Richard Gbadebo: A call for workplace safety
BEFORE his unfortunate death recently, Richard Gbadebo was a 300 level student of the Department of European Studies at the University of Ibadan. He was working at Henkel Industries Ltd, a factory located at Oluyole Industrial Estate, Ibadan, because of the ongoing lockdown imposed across the country which caused the universities to shut down. Unlike many of his colleagues in the country’s varsities idling away their time as the coronavirus pandemic raged, the deceased apparently sought to engage in productive activity pending the reopening of schools and resumption of lectures. Sadly, however, the venture proved tragic: he lost his life in an accident at the factory during a night shift.
In a quick response to the incident, the Oyo State government shut down the factory in order to pave way for a thorough investigation of the circumstances surrounding the sad incident. The Federal Government promptly followed suit. On their part, to remove the lingering suspicion in their minds that foul play was involved in their son’s death, the distraught parents of deceased demanded the CCTV footage of the tragic incident. They made this demand when the Oyo State Government delegation led by the Permanent Secretary, Ministry of Environment, Dr Bashir Olanrewaju, paid a condolence visit to their residence. The affected company however appealed for quick reopening of its premises, saying that the incident was an isolated one and promising to foot the burial costs.
To be sure, the tragic death of Richard Gbadebo has once again placed the issue of workplace safety on the front burner. Over the years, factories in the country have dispensed with safety rules in their morbid desire to exploit workers and rake in huge profits. In particular, with the dangerously high unemployment rate in the country, the rules of safety in the workplace have been compromised. Many of the laws governing workplace safety have been observed in the breach by employers of labour. Sadly, the supervisory agencies, including the Ministry of Labour, Employment and Productivity, have carried on as if nothing was amiss. Worse still, even workers’ unions have failed to treat the issue with the required seriousness.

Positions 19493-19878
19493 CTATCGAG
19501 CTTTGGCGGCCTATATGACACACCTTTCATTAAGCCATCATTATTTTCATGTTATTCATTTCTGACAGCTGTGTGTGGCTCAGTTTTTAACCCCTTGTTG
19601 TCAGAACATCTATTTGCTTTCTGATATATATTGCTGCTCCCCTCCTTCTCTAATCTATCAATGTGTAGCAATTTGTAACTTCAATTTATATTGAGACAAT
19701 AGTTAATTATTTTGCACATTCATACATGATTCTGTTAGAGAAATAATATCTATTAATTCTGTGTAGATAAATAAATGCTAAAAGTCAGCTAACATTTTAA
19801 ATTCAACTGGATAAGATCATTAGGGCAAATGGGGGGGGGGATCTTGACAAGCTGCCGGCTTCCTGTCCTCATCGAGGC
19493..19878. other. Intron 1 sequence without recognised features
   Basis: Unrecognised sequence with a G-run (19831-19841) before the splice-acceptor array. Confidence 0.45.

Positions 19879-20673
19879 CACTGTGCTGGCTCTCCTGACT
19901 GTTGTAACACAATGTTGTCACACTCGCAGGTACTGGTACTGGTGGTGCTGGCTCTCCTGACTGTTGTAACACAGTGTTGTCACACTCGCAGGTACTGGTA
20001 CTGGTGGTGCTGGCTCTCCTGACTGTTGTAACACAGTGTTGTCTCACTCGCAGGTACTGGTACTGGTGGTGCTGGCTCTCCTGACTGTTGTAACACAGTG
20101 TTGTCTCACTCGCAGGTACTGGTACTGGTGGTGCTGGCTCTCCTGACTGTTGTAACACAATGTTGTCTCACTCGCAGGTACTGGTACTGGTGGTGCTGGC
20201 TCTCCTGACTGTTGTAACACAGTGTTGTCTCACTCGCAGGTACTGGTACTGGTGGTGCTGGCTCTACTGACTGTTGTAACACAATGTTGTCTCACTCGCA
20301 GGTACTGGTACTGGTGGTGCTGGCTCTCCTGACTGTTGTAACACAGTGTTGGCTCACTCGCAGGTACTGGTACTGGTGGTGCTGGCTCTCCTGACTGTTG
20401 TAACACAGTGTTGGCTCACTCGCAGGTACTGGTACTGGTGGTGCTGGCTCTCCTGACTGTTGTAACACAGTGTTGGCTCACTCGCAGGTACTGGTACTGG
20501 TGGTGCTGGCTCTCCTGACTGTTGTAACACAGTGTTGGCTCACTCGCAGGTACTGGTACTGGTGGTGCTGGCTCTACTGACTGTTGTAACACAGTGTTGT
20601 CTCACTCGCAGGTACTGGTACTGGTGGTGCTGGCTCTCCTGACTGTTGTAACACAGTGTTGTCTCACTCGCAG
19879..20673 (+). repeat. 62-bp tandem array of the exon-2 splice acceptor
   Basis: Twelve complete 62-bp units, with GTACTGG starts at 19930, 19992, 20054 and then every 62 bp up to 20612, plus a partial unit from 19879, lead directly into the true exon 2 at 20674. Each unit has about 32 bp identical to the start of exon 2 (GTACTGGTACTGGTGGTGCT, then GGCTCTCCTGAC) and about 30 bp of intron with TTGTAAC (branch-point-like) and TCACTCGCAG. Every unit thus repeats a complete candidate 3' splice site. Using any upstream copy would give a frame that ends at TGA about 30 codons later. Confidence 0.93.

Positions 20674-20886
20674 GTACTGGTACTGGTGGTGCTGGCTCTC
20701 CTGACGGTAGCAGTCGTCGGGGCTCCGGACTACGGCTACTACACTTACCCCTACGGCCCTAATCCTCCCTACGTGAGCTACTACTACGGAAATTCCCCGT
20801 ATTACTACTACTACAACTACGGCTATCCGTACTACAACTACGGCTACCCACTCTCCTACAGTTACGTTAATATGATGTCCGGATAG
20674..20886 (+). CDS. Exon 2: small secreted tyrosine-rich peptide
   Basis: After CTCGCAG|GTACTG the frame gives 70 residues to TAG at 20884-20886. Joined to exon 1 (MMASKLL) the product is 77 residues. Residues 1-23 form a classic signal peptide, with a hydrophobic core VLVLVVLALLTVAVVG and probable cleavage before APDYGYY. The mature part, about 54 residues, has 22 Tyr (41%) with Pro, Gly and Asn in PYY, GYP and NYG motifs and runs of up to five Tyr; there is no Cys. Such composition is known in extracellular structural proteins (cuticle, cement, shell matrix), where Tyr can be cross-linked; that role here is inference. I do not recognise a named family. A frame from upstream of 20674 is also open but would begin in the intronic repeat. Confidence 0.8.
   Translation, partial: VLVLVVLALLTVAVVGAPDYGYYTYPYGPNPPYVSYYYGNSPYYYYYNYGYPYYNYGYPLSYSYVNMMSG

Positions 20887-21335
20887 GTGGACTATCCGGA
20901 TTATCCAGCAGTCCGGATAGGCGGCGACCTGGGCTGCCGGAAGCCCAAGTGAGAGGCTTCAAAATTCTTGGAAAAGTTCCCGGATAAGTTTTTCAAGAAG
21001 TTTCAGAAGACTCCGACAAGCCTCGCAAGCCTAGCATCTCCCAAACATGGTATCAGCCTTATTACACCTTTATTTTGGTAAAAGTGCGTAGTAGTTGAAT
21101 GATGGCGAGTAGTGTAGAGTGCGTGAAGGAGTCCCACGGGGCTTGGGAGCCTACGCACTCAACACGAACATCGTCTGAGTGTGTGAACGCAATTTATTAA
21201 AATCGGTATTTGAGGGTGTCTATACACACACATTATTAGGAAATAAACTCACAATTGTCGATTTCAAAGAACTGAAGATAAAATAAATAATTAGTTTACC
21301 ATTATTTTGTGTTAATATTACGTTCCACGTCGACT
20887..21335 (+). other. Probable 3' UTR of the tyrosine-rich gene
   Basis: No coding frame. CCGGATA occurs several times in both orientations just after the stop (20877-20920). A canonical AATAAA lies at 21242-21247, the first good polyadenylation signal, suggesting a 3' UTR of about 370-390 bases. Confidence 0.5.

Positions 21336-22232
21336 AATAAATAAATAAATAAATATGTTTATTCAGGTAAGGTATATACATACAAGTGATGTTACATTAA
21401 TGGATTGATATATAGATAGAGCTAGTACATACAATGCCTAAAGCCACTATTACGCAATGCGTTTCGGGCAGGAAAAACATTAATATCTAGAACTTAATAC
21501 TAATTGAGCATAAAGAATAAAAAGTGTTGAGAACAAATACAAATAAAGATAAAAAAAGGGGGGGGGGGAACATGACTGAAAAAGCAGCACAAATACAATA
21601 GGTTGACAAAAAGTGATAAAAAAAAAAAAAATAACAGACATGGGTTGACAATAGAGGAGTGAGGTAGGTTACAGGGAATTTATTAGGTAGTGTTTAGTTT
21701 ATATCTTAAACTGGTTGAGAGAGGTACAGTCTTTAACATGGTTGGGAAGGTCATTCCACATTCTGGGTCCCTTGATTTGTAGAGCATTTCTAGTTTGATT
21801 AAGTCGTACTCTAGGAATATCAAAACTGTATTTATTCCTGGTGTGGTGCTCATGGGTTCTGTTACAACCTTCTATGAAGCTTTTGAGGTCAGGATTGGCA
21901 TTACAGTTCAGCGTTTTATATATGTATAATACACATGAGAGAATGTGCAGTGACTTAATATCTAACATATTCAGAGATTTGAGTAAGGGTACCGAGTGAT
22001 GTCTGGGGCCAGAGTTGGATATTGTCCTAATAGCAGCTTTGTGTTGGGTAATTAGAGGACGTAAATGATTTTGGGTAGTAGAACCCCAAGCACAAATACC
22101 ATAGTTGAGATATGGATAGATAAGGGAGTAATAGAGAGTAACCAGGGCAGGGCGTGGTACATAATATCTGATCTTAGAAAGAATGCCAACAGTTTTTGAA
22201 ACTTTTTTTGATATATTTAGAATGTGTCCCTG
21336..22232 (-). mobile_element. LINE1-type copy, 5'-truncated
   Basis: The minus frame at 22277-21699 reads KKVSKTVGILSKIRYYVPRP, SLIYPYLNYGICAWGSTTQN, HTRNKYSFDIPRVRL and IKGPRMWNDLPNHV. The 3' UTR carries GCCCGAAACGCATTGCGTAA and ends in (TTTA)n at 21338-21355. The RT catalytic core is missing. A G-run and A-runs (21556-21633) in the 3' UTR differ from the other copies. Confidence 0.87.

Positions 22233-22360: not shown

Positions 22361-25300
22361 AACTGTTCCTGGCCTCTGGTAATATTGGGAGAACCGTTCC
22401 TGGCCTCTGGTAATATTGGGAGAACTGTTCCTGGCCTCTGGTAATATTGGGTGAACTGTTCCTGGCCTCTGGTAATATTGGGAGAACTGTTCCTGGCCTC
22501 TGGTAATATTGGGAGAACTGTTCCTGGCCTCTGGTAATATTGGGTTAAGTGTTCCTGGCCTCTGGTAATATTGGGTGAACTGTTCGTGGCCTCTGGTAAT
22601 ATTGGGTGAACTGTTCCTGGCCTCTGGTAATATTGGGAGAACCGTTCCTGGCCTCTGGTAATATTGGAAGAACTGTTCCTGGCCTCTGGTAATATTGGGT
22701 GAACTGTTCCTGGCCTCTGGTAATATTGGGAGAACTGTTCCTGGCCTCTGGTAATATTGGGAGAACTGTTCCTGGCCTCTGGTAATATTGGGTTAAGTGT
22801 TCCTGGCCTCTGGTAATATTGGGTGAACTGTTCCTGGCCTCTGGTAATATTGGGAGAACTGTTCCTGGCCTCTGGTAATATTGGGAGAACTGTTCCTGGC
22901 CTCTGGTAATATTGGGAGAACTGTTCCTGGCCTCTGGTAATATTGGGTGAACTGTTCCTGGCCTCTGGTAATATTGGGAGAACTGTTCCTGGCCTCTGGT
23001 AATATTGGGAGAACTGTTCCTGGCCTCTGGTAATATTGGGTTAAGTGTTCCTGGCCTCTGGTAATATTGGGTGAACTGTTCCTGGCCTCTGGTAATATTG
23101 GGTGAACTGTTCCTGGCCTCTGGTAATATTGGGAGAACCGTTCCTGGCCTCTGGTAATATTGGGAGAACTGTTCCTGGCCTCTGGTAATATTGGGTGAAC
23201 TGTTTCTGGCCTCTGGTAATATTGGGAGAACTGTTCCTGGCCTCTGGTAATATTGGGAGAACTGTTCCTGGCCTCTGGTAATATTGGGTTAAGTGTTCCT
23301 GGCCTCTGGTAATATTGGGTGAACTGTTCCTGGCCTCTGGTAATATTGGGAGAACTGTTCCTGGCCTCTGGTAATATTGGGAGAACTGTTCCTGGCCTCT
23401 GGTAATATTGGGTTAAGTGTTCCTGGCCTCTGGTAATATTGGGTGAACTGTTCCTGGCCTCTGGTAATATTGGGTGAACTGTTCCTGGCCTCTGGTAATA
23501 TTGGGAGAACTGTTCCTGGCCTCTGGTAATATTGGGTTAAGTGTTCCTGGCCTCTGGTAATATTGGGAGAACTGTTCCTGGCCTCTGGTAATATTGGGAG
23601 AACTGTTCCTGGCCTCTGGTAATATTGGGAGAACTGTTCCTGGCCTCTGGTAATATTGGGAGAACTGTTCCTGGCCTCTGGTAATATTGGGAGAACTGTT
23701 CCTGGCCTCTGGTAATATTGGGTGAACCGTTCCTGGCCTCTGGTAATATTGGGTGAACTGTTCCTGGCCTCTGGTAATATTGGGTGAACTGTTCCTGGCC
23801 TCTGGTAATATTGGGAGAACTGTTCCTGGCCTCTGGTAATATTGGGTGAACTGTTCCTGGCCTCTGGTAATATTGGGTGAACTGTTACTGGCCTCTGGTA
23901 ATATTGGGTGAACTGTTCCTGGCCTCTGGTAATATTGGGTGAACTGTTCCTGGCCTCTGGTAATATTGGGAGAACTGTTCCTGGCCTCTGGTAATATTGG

There are extant laws governing employer/employee relations and the relationship between employers and the government. These laws include the Factory Act, the Labour Act and the Workmen’s Compensation Act. These laws require employers to ensure safety and security for workers. Among other safety measures, there must always be protective gear and fire fighting equipment. To say the least, these laws have been virtually dispensed with in many of the country’s factories. In particular, factories owned by some foreigners have been unduly associated with workplace infractions. They treat workers worse than slaves. In this regard, the ongoing investigations by the Federal Government and the Oyo State government should beam a searchlight on the extent of compliance with the extant laws by the employer in question. Regardless of the outcome of the investigations, the government must ensure that henceforth, all factories are equipped with the necessary gadgets for safety of the employees, and observe all the relevant laws. It must undertake diligent prosecution of defaulters.
It is crucial for the government to make workplaces safe for all workers by enforcing rules and regulations. Workplaces need not be deathtraps for hapless workers. Gbadebo’s death was absolutely needless. The regulatory authorities in the country must wake up from their slumber. We commiserate with the family and friends of the deceased and wish them the fortitude to bear the great loss.
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